On the contrary, commercial cleaning jobs are usually done at night. This is to ensure there is no foot traffic or interruptions to business.
When making the move from residential to commercial cleaning, the schedule is something to consider carefully.
Working at night has advantages but also presents many challenges. It can be nice to not have any distractions or to have a client monitoring your every move, but working at night can be exhausting and demanding.
It can also be hard to staff employees for late shifts, which means you may have to increase your pay or benefits. This in turn could increase the price in your cleaning estimate.
Consider the challenges that working odd hours presents when writing your contract and factor it into your overhead costs. When it comes to your cleaning business, time is money and scheduling mistakes can be costly, so keep track of it carefully to ensure maximum profitability for your company.
Training Your Staff
In order to successfully move from residential to commercial cleaning, you will need to train your staff.
As mentioned in the previous section, you will be moving from daytime hours to nighttime hours, which can cause a big shift in availability with employees.
If you don’t already have a crew, you will likely need to get one. A commercial job may require two or more employees while a residential job can usually be done with one person.
Your crew needs to be able to work fast. Training your crew to work quickly is your primary goal.
Because you will be working with a crew and won’t be detailing, it will likely take less time to do the actual tasks in a commercial job than in a residential job.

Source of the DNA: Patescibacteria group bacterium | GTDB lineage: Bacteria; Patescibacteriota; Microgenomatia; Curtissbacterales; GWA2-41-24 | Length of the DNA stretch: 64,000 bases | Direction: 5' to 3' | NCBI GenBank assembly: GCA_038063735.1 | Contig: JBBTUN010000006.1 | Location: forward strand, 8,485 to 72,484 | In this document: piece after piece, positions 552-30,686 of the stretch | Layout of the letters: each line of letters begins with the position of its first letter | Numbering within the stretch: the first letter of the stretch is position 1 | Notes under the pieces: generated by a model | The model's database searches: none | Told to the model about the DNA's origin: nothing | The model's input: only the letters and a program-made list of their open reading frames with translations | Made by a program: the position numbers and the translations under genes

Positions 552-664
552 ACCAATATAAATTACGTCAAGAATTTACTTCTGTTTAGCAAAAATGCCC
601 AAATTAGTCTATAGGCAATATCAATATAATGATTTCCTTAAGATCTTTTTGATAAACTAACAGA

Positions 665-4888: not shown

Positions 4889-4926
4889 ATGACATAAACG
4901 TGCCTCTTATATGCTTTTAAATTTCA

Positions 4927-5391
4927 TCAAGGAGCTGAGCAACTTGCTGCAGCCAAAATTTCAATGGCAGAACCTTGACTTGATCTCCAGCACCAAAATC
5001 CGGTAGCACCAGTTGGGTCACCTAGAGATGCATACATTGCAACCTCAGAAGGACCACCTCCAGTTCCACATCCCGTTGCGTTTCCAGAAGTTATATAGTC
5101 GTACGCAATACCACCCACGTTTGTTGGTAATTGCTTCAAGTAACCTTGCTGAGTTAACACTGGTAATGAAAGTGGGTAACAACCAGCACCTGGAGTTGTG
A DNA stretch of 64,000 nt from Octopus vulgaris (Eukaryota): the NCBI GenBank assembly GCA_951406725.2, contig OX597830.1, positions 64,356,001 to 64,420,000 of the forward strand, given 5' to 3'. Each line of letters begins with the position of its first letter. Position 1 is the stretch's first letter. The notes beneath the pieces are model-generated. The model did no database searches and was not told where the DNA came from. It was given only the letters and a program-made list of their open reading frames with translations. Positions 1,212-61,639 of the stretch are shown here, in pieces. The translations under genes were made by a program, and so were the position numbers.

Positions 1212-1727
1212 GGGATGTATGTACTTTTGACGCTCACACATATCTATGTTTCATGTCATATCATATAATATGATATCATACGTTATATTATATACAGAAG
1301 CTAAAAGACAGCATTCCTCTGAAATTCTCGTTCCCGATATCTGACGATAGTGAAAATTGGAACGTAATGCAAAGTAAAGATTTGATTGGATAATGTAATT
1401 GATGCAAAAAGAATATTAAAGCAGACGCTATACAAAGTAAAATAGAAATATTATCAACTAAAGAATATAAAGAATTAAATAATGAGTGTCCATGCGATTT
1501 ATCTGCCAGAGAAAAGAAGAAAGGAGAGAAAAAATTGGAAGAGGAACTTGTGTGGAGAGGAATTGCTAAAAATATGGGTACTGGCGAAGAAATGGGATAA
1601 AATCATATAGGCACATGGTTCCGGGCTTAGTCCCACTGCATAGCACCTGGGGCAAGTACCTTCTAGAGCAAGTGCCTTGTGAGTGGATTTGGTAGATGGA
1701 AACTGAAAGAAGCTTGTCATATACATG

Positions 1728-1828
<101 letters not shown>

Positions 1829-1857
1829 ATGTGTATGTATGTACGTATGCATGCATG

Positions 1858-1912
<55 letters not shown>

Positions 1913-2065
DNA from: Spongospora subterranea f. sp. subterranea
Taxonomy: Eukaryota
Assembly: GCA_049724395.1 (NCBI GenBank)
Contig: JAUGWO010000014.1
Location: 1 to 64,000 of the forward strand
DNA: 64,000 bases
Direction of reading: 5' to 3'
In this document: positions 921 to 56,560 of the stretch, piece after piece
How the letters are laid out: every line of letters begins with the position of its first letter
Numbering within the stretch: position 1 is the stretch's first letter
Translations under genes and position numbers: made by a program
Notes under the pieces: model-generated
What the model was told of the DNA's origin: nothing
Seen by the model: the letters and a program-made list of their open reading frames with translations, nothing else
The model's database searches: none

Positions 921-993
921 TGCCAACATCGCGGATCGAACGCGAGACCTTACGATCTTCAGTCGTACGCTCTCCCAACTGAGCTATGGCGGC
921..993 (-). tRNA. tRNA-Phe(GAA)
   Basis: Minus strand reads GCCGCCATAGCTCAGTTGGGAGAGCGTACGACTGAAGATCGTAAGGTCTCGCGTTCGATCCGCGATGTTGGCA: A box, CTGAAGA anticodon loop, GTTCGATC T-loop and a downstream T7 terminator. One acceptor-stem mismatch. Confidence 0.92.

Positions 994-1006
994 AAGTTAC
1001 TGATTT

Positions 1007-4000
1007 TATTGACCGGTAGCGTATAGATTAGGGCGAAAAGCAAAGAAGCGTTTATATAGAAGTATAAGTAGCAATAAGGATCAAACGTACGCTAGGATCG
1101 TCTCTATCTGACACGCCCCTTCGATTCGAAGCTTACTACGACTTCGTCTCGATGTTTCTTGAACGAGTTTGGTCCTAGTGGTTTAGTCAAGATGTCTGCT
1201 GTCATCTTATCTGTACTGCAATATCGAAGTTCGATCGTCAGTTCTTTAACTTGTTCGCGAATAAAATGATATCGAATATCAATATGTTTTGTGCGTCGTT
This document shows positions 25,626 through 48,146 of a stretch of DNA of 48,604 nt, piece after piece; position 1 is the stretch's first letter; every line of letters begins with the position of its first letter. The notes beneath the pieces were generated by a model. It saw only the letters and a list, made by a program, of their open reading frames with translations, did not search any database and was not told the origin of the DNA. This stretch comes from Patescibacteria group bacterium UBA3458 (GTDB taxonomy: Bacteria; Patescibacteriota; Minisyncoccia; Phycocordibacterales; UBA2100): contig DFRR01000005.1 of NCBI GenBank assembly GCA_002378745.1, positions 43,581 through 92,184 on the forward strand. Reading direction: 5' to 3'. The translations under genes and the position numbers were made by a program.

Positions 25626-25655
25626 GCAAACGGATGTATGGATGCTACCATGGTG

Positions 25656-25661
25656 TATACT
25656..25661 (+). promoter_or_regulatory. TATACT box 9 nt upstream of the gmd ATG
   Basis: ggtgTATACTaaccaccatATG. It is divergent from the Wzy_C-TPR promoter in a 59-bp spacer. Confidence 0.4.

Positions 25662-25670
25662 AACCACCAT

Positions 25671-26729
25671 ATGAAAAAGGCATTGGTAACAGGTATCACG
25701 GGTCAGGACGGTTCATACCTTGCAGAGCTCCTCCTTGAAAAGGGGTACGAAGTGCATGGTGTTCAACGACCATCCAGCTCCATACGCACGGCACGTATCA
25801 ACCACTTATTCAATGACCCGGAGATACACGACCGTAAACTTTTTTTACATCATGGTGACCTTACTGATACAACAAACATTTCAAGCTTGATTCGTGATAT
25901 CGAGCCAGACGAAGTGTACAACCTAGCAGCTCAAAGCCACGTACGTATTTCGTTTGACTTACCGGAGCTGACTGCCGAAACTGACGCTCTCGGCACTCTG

In commercial cleaning, the goal is to get clean floors, clean bathrooms, and empty trash cans in the space in a quick and effective manner.
Making checklists of things that need to completed in a commercial job can help your staff create a routine.
Using walkthrough, bidding, and job proposal software allows you to create schedules and collect information from your team in the field in real time while they’re in the prospect’s space.
With janitorial bidding software like Route, you can seamlessly navigate between different types of cleaning jobs for you and your crew.
Another major difference in residential vs. commercial cleaning is that there is no walkthrough for residential jobs.
We have a series of articles on commercial cleaning walkthroughs if you want to take an in-depth look at this part of the cleaning business model.
For now, the important part of the walkthrough is understanding what it is and how it’s done.
When you are bidding in the commercial space, bringing a commercial cleaning walkthrough checklist is a great reference to have while you first meet your prospect to assess the space and the scope of work.
Every commercial job you do will begin this way. Our content series is a great place to start if you are making the transition from residential to commercial jobs.
Seeing the space helps in many ways, some of which may come in handy in the next section – equipment.
Try using a janitorial bidding software like Route to price jobs by square footage or by flat rate in order to easily utilize your walkthrough notes to estimate jobs in minutes.